Could you have ADHD?
If you’re not, say, a hyperactive schoolboy, it’s possible that nobody has ever suggested this to you. However, between four to five percent of the U.S. adult population has the condition—roughly one in twenty. And that means there’s about an 100% chance that ADHD affects your life in some way, whether it’s present in a best friend, a coworker, a boss, or yes, you.
How could it go undetected in your life for so long? Because it’s probably not quite what you think it is.
ADHD stands for Attention Deficit Hyperactivity Disorder. It’s a term used to describe brain differences which affect one’s ability to focus, self-regulate, and/or sit still. That “and/or” is key, because ADHD can look extremely different in different people. For instance, not all people with ADHD exhibit that stereotypical hyperactivity.
In addition to hyper behaviors (like constant fidgeting) or impulsivity (like interrupting others), ADHD can also include a cluster of symptoms related to inattentiveness. This often takes the form of daydreaming or forgetfulness—a sort of internal restlessness—and is generally more common in girls and women. Because it is less visible, it can be far harder to detect, and thus diagnose.
Not only is it a myth that all people with ADHD can’t sit still, but that inability to regulate focus can sometimes manifest in the opposite direction, with a hyper-focus. A person with ADHD may be able to concentrate for hours on the minutia of a beloved hobby, and then struggle to fill out a simple one-page form. Loops of procrastination and then frenzied last-minute concentration are common.
While some continue to debate the precise combination of environmental factors contributing to ADHD (implicating everything from food additives to pesticides to TV), one thing is certain: there’s a strong genetic component. A person with ADHD is four times more likely to have another relative with the condition. A person with ADHD is also more likely to have an additional mental health issue, such as depression or anxiety.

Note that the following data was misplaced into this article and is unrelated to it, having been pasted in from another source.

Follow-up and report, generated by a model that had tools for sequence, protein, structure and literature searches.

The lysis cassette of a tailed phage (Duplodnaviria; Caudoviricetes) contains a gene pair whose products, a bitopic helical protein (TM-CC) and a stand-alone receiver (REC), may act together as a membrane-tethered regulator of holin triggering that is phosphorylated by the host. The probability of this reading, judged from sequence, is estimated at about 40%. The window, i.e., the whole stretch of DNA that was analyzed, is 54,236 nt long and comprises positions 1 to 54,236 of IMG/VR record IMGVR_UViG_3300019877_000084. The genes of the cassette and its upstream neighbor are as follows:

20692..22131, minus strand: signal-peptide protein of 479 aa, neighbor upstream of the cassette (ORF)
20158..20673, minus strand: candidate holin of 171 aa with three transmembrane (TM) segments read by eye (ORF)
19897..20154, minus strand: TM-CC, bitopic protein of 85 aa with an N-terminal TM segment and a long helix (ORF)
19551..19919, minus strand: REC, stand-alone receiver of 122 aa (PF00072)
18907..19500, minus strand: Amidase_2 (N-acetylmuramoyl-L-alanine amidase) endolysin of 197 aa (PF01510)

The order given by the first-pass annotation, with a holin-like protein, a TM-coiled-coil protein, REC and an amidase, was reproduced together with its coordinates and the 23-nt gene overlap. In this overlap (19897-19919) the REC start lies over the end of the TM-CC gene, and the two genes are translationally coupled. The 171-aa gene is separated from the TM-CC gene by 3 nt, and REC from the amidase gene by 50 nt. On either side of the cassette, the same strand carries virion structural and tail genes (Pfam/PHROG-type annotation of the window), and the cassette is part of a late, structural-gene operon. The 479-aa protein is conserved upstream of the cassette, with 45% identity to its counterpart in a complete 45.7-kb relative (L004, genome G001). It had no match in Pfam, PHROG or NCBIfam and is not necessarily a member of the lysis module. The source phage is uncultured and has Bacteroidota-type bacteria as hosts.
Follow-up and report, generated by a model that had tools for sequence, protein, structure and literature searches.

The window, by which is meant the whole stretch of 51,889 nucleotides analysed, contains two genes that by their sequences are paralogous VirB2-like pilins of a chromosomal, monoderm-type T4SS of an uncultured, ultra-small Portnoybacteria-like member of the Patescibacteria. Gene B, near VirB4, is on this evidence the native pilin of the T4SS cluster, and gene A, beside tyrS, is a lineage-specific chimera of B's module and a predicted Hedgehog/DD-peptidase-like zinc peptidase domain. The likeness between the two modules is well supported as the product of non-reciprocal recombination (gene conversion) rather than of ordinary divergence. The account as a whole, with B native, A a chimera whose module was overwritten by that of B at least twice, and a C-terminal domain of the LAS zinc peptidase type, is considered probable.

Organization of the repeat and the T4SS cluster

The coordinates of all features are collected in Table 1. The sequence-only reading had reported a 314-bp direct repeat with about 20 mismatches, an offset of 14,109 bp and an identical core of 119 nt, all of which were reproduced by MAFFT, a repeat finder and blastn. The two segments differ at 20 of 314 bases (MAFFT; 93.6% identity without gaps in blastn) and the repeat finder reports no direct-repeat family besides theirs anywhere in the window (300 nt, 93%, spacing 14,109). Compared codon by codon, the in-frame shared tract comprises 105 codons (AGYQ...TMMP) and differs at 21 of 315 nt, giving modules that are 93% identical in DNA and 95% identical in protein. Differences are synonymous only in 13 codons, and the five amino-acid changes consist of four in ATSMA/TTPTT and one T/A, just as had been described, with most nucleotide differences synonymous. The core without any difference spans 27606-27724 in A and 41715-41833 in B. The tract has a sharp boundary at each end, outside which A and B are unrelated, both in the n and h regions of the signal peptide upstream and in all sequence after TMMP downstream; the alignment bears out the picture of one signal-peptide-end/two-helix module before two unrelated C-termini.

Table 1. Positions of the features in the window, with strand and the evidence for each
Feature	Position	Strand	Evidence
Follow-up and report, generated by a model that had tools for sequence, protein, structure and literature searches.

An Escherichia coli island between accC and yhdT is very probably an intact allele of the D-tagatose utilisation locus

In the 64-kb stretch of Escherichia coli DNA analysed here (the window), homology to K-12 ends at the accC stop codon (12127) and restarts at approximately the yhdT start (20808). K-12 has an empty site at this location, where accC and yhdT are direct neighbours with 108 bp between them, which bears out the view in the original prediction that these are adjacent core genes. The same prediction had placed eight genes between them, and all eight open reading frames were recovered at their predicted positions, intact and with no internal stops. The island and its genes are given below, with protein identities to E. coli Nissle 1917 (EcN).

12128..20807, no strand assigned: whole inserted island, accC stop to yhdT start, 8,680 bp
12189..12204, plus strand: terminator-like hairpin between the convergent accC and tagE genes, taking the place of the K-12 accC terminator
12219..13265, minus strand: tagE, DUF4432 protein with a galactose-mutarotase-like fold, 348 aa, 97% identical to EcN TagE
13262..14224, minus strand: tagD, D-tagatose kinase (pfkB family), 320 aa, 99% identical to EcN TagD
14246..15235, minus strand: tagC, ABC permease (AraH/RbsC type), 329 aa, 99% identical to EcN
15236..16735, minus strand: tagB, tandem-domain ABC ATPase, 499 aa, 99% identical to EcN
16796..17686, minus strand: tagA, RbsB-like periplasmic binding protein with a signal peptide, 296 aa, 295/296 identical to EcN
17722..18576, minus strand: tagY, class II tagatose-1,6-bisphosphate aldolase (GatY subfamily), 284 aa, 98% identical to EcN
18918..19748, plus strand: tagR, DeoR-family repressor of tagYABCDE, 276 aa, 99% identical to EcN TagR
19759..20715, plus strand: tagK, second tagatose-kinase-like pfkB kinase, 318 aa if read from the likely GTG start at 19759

In a recent study conducted by the ENIGMA Consortium, which sounds like a supervillain teamup but is instead an international cadre of scientists searching for the genetic roots of mental illnesses, researchers examined the brain scans of over 3200 volunteers. Approximately half were diagnosed with ADHD; the others were not.
Among those with ADHD, researchers found reduced mass in seven key brain areas, including the hippocampus and the amygdala. Reduced amygdala power may explain a number of common ADHD issues, including memory issues and difficulty regulating emotions. The hippocampus also helps with short- and long-term memory, further explaining how somebody might say, constantly forget their purse or house keys or locker combination. Interestingly, this one-two punch of a smaller amygdala and hippocampus is also common in depressed people—and ADHD is linked with greater likelihood of depression.
Also interesting: the ENIGMA study found the differences to be the most pronounced among children. It’s already known that about 60% of children seem to outgrow their ADHD entirely, and the age-related intensity could suggest that ADHD is in fact, a sort of arrested development.
If you struggle with some combination of directions, organization, boredom, self-control, and concentration, you may want to look into adult ADHD. You can take a short survey here to evaluate your symptoms—and if you find yourself struggling to stay focused long enough to even get a result, it’s probably time to call a psychiatrist.